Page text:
VOX POPS: Relishing the old-world charm of the movies

Yakā, the venue of the recent Pasalidahay in Malaybalay, on normal nights. (Photo credit: Levi Manzano)

By April Rose Torion


MALAYBALAY CITY (BukidnonNews.net/ 20 February 2019)—No matter how the movies have evolved, especially with the rise of online streaming, the cinema will always have a certain charm.

But the Pasalidahay film showing on Saturday, Feb. 16, trumped that by bringing an old-world charm to the whole movie experience.

Missing the plush seats of movie theaters in nearby towns, the venue—a nipa hut restobar in the city—only has the bamboo floor. (True to its name Yakā which means “to sit on the ground.”) The diners-turned-audience assembled around low-lying tables and sat on straw mats, a couple of bean bags and a hanging rattan chair. As the night fell, the indie films projected on a portable screen illuminated the room.

While the films were played, there were occasional disruptions from a few folks milling around, or some loud side-comments, spoilers, and random laughter. When actors started smoking onscreen, there was also a waft of actual cigarette smoke, instantly turning the nipa hut into a 4D cinema.


  • Habi (Mary Ann Mamac Gabisan)
  • Mga Bitoon Sa Siyudad (Jarell Serencio)
  • Simulacrum (Arjay Toring)
  • Hindi Mo Naman Ako Iiwan, ‘Di Ba? (Gilb Baldoza)
  • Leonora Kilat (Mariya Lim)
  • Si Astri Maka Si Tambulah (Xeph Suarez)
  • Alibungan (Matthew Piodena)
  • Ang Wa Damhang Importansya Sa Teleserye (Rodiell Veloso)

But these only enhanced the films’ organic storytelling.

It was easy to imagine that the filmmakers were there telling us “This is what happens when you’re a gay Badjao forced to marry a girl…” or “Remember the Roxas Night Market bombing?” or “Let’s discuss Baudrillard and the current state of Philippine politics. But you have to see this first…” or “You know how f*cked up teleserye-making is?”

This movie experience transported us back to a time when people sit around a fire to tell stories, some of which eventually formed part of our identity, culture, and collective memory.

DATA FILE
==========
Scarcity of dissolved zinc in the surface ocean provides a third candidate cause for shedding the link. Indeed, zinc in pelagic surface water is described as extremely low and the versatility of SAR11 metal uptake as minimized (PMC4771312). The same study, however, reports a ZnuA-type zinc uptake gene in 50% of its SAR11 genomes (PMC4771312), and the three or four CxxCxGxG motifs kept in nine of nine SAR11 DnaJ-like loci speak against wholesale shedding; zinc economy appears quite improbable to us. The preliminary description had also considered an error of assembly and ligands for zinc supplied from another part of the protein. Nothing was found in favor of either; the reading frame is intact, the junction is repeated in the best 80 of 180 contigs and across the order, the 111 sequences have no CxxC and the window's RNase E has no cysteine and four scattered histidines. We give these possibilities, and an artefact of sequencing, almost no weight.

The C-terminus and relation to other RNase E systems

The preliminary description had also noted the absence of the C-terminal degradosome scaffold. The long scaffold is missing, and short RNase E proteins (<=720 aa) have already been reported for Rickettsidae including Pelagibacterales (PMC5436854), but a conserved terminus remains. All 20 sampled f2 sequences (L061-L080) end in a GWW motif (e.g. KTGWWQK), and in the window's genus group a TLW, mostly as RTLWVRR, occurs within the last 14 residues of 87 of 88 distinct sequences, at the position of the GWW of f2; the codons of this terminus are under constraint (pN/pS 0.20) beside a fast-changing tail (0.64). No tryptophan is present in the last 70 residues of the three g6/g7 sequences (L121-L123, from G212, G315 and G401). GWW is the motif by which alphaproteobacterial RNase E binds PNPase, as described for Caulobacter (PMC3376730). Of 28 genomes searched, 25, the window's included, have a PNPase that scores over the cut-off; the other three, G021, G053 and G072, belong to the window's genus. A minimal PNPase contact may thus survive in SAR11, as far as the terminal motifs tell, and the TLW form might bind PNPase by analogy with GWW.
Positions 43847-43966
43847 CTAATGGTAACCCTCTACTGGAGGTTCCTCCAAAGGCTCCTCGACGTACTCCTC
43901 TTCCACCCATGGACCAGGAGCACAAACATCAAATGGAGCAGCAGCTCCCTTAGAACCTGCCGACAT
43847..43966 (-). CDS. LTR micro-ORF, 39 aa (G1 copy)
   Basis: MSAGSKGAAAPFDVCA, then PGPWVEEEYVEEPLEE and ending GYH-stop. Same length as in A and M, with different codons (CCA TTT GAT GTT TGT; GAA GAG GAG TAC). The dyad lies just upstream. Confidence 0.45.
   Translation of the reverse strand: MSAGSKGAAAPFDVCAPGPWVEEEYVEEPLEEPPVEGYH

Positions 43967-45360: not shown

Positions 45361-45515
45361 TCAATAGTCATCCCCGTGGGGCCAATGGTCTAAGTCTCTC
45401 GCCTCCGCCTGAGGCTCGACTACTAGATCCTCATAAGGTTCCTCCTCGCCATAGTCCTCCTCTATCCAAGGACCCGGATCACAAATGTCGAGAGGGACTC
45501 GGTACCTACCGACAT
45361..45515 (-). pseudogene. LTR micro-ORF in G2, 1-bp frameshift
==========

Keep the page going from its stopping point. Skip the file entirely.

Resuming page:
As society evolved, the cinema tried to reproduce the campfire storytelling. The projector replaced the fire, and the stories were distilled into genres of action, romance, comedy, drama.

Sadly, the movies lost the organic quality of the campfire stories when it focused more on moneymaking rather than on storytelling. Production companies use formulas to ensure earnings and so year after year, we get the same repackaged narratives while the stories that badly needed telling were put to the backburner.

Sure, we now have the maindies—indie-style storytelling with big studio budget—and we now have Cinemalaya and a few regional festivals that showcase independent films. But are these enough to sustain our filmmakers?

In an online “plea for help,” Erik Matti, the director who gave us On the Job (2013) and BuyBust (2018), lamented the dire situation of the Philippine film industry.

No one gets to see the movies we make except for the sporadic mega hits,” he said.

ONSCREEN: Si Astri Maka Si Tambulah by Xeph Suarez. (Photo courtesy of Pasalidahay)


Many indie films don’t get nationwide screenings unless they have received international accolades. This begs the question: Do our indie films have to screen abroad in order to spark local interest?

The industry players blame the audience who pay for formulas or prefer Hollywoodesque production. Ginusto nyo yan, eh, they’d say. But are they the only ones to blame? If the stories we tell ourselves shape our identity, culture, and collective memory, why aren’t we more alarmed that we know so little?

Jay Rosas, a co-founder of Pasalidahay, the Davao-based group of filmmakers and enthusiasts who initiated last Saturday’s screening, mulled on this problem. “We keep telling people to watch indie films but we do not provide an avenue for them,” he said.

This is why Pasalidahay’s initiative, that of showing indie films around Mindanao for free, is much appreciated. Supported by NCCA’s Cinema Rehiyon, they have been going around since 2015.

Their next stop is at the MSU-IIT in Iligan on February 20 to 21. To those who are there, watch and be charmed.


(VOX POPS is the opinion column of April Rose Torion, the associate editor of BukidnonNews.net. Reach her via artorion@ymail.com.)